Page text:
Who's the "Pack Leader" in Your Practice?
I recently watched a particularly interesting episode of The Dog Whisperer. For those of you who aren’t familiar with this very educational and entertaining program, the host is Cesar Millan, a dog behavioral specialist. His mission is to rehabilitate dogs and retrain people. He has an uncanny ability to keep dogs balanced, calm and compliant. I think of Cesar as a dog psychologist.
On this particular episode, the focus was on Riley the Mastiff, a 125 pound handful for her owners, Jessica and Shawn. This hefty canine was in control of the household! Although Shawn was a fitness expert capable of lifting hundreds of pounds, his size was insignificant when it came to stopping Riley’s bad behavior. Jessica was frustrated and vacillated between pleading to punishing the dog. They truly needed Cesar’s help.
If you’ve ever viewed The Dog Whisperer you know that Cesar teaches dog owners that they are the problem, not their pets. As I observed him show this couple how to restore order in their household, I saw many parallels for dental leaders.
My belief is that people, like dogs, are inherently good. I doubt that anyone on your payroll gets up in the morning thinking about how to make life difficult for you. If you’ve got problem employees, maybe you’re not being a good pack leader. Being successful requires you to influence people just about all of the time. You need to persuade your patients and your employees to take action based on what you say. Here are some principles to re-establish yourself as the alpha dog in your office.
1. Start thinking like your employees and your patients. Make the effort to get to know the people around you. Find out what’s important to them. This creates a positive atmosphere that motivates, encourages and gives confidence. Best of all, the information you gain will help you to know what each person needs from you to be a good follower.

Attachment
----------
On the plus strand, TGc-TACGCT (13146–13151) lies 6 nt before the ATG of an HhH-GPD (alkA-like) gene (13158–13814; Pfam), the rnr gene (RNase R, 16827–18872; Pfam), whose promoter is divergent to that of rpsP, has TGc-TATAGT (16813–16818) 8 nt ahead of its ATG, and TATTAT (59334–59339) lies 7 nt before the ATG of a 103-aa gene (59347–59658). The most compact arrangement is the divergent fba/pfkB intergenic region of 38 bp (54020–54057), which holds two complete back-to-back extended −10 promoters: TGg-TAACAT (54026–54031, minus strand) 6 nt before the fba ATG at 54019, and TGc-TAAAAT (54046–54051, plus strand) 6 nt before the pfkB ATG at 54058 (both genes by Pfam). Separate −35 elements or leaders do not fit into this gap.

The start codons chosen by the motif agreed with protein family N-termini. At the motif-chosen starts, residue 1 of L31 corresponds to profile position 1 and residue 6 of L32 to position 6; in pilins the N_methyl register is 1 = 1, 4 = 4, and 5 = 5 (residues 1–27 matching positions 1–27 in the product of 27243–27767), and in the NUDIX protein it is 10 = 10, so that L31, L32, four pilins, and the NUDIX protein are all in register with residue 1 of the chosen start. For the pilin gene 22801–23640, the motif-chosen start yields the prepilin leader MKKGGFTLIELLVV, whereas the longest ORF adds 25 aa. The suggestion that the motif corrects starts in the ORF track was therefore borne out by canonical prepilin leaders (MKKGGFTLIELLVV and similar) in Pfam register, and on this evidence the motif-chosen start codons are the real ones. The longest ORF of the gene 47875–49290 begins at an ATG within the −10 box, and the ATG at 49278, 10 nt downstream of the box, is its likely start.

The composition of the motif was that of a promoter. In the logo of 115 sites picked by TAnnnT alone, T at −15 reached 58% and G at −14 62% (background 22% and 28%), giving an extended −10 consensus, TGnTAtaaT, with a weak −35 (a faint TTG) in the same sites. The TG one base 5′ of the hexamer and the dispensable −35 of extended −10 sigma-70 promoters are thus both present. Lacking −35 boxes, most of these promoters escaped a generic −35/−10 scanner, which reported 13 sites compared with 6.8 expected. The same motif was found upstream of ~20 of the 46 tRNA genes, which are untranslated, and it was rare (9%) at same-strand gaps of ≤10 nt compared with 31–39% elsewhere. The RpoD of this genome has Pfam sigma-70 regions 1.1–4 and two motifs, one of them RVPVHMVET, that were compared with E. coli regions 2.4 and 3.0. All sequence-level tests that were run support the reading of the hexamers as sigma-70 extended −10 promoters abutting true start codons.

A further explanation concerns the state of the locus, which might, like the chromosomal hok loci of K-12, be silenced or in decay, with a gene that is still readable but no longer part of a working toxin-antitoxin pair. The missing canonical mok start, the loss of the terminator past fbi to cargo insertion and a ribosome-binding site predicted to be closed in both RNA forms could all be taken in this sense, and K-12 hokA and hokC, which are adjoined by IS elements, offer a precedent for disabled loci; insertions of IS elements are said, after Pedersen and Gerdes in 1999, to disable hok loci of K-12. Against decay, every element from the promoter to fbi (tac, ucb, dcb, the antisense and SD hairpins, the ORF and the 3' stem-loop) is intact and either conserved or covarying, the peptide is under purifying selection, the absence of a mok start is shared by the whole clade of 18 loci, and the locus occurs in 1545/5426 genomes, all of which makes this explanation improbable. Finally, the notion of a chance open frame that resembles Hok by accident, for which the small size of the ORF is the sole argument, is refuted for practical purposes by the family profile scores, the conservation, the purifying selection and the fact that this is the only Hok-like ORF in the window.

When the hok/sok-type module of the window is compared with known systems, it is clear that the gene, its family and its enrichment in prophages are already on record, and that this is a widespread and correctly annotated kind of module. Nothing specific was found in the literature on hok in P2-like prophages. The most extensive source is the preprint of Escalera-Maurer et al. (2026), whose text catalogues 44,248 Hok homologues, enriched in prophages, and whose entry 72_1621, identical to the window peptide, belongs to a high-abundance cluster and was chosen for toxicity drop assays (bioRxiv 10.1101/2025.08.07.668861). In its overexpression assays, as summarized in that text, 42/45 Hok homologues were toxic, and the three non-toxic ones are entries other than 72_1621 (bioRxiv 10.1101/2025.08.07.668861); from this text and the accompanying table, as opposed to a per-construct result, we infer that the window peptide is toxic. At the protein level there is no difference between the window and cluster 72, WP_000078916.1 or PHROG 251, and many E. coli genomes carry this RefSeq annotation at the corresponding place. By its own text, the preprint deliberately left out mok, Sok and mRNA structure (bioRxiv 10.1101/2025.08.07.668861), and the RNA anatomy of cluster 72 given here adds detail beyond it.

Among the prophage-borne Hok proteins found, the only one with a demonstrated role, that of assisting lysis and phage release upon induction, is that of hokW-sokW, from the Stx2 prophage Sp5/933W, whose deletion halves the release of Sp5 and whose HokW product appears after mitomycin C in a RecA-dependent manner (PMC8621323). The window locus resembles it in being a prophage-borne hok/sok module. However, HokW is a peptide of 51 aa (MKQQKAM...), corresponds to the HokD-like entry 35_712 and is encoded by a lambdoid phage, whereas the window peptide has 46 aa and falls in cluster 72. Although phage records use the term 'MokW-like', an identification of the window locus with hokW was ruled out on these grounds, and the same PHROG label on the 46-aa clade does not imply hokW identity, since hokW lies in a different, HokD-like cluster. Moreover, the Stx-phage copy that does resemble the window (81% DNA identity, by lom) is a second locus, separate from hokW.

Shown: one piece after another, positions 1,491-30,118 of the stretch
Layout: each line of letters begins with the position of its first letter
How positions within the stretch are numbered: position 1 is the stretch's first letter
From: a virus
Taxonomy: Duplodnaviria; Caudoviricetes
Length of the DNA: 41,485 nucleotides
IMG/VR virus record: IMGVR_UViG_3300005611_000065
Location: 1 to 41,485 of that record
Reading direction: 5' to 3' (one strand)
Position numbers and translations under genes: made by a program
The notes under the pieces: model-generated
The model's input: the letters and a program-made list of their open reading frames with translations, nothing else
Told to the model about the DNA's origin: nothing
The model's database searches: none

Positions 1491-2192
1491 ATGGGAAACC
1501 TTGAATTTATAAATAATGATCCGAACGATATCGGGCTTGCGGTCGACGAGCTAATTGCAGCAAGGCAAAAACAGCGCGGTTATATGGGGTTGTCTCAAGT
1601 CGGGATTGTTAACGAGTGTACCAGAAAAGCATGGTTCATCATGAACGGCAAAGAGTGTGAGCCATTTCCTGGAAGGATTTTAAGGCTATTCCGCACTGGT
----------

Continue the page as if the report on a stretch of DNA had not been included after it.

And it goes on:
2. Be direct and consistent in your communication. In the absence of clear expectations, your employees and patients will assume what they think you meant, and it might not be accurate. If job performance is not up to your standards, it’s your responsibility to provide feedback and training. If treatment compliance isn’t up to your satisfaction, emphasize the seriousness of the problem and/or the positive benefits that will be gained.
3. Be calm and assertive. If your employees and patients see you as frustrated, angry or fearful they are unlikely to follow you.
4. Match employees to the right jobs. Top performers want and need to feel challenged. Explore what new opportunities they see in their work with you. Provide your staff with opportunities to expand their skills. Show them that you are interested in them as people not just as employees.
5. Be benevolent but tough. This means you are fair and respectful. If you want employees to be productive, you have to create a disciplined teaching environment. Discipline is really a part of overall performance management.
6. Acknowledge your employees each and every day. People need to feel that they matter; it’s a human need. We all have a basic and natural desire to be valued and appreciated.
7. Reward appropriately. Avoid giving bonuses with the hope that problem employees will “get the message.” If you use money as the primary motivator, your staff will see you as a push-over – they weren’t performing well before the raise and they sure as heck won’t improve when they get reinforced for doing poorly. Praise needs to be linked to specific behaviors in order to contribute to the overall practice mission.
8. Choose your battles. There are some employee behaviors that just aren’t worth hassling. If you’re quiet but your chairside is talkative and friendly, learn to live with it. Manage your energy by focusing on the things that really matter.
Like our canine friends, your employees need challenge, discipline and support…in that order. This is the foundation for a balanced leader-follower relationship. Calm-assertive energy will create a positive and lasting connection with your employees and patients. And the rules, boundaries and limits you set and maintain consistently will establish you as the pack leader in your practice.
Dr. Haller provides training for leadership effectiveness, interpersonal communication, conflict management, and team building. If you would like information about any of her practice-building seminars, contact her at firstname.lastname@example.org
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